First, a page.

|  09/11/2020

Celebrating the Bounty of the Hunt

Story and photos by Marissa Jensen

The sun beat down heavily as we gathered under what little shade our makeshift grouse camp offered. After a successful trip chasing the rise and fall of the Nebraska sandhills, we sought reprieve from the unseasonable heat in the form of cool beverages, a warm meal and a seat upon which to prop our weary feet.
The welcome respite gave us time to think back upon the mornings outing as Alli Carolan, Chad Love and myself chased the sunrise over the vast sea of short-grass prairie, in search of this land’s iconic upland prairie grouse species.

There is something so utterly wild about this land; everything from the waterfowl trickling past as they begin their migration, to the six-lined racerunners that you might catch a glimpse of, as they scurry out of sight.

Such a place has become seemingly more challenging to find, where one can set out in any direction and soon become theoretically lost, yet maybe, more importantly found.

We pushed on as long as our legs and the heat would allow, with limbs heavy with the weight of a successful hunt. With the trip little more than halfway over, we anxiously anticipated the opportunity to relish the rich flavors of fall in the field.

Although we temporarily surrendered to the heat, the whispered promise of crisp mornings and shorter days had each one of us staring longingly at our dogs and trucks, quietly contemplating when it would be cool enough to leave camp behind for another hunt.
But for now, sharing this meal with friends, rich with gratitude and promise, was enough, along with dreaming of future sharp-tailed grouse and greater prairie chickens in the days to come.


Prairie Grouse in a Peach Whiskey Cream Sauce

Recipe courtesy Lacey Clarke, Pheasants Forever and Quail Forever Farm Bill Wildlife Biologist

Salt and Pepper 
Canola oil 
Olive oil 
3 tablespoons butter 
2 Shallots (diced) 
1 Jalapeño (seeded and diced) 
1/4 –1/3 cup of peach whiskey 
1 pint heavy cream (or less) 

1) Fillet breasts, salt and pepper them 
2) Put a bit of canola oil in a cast iron skillet and get it really hot. Sear the breasts on both sides (don’t cook them through!) 
3) Remove the breasts from the pan, drain the oil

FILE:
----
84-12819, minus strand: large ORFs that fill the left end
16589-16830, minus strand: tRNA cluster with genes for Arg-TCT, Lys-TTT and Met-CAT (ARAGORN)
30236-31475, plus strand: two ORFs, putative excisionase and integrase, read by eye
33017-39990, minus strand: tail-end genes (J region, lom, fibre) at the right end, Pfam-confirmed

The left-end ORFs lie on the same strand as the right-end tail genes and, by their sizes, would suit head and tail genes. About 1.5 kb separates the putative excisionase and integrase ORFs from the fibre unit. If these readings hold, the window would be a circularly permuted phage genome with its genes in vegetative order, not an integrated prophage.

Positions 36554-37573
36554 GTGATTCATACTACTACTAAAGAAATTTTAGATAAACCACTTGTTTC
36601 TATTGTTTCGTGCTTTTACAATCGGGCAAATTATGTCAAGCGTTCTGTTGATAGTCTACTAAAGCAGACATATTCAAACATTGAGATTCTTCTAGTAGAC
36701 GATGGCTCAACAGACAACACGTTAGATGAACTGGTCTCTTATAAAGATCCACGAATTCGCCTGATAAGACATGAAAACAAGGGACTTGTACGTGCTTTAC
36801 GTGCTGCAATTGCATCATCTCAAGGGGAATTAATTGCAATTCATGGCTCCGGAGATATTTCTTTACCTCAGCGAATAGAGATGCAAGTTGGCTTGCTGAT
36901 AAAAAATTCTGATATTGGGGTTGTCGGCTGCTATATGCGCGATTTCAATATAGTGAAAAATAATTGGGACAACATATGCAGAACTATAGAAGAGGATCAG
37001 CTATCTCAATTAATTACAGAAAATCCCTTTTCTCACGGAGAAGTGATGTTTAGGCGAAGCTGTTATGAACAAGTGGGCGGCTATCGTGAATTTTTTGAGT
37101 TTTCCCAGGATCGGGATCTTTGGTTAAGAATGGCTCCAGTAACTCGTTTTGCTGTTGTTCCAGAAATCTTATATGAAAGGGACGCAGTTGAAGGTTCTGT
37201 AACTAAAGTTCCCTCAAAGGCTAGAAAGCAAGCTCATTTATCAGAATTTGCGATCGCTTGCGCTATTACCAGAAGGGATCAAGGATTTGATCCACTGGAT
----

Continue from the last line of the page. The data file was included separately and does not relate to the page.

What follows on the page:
4) Add some olive oil, and 3 T butter, diced shallots, diced jalapeno 
5) Sautee shallots until translucent 
6) Deglaze the pan with the whiskey, let it reduce by half 
7) Whisk in heavy cream (if you’re cooking 2 breasts use half a pint of cream, 4 or more breasts you can use up to 1 pint) 
8) Add breasts back to the pan and cook to desired doneness, rare to medium rare is best for dark meat, about 8-10 minutes 

*Serve over wild rice

Peach Chutney

5-6 peaches peeled and diced (approximately 5 cups) 
1 small red onion, finely chopped 
2/3 cup packed brown sugar 
1/2 cup apple cider vinegar 
2 tablespoons ginger, peeled and minced 
1/2 tsp salt 
1 jalapeño seeded and minced 
1/2 cup fresh cilantro 
2 tablespoons fresh squeezed lime juice 

1) Combine first 6 ingredients in a saucepan; bring to a boil 
2) Cover, reduce heat, and simmer 45 minutes 
3) Stir in jalapeño, simmer uncovered for 5 minutes 
4) Remove from heat; stir in cilantro and lime juice 
5) Let cool to room temperature

Marissa Jensen is Pheasants Forever & Quail Forever's Education and Outreach Program Manager 

To learn more about grouse hunting, the sandhills of Nebraska, and the important work Pheasants Forever and Quail Forever does to impact this landscape and more, visit our Prairie Grouse Primer and listen to our recent On the Wing podcast that provides tips that were implemented on this early season hunt. More importantly, become a member today, or share a membership with another, so we can continue to build habitat that allows us to get lost within the beauty of the uplands.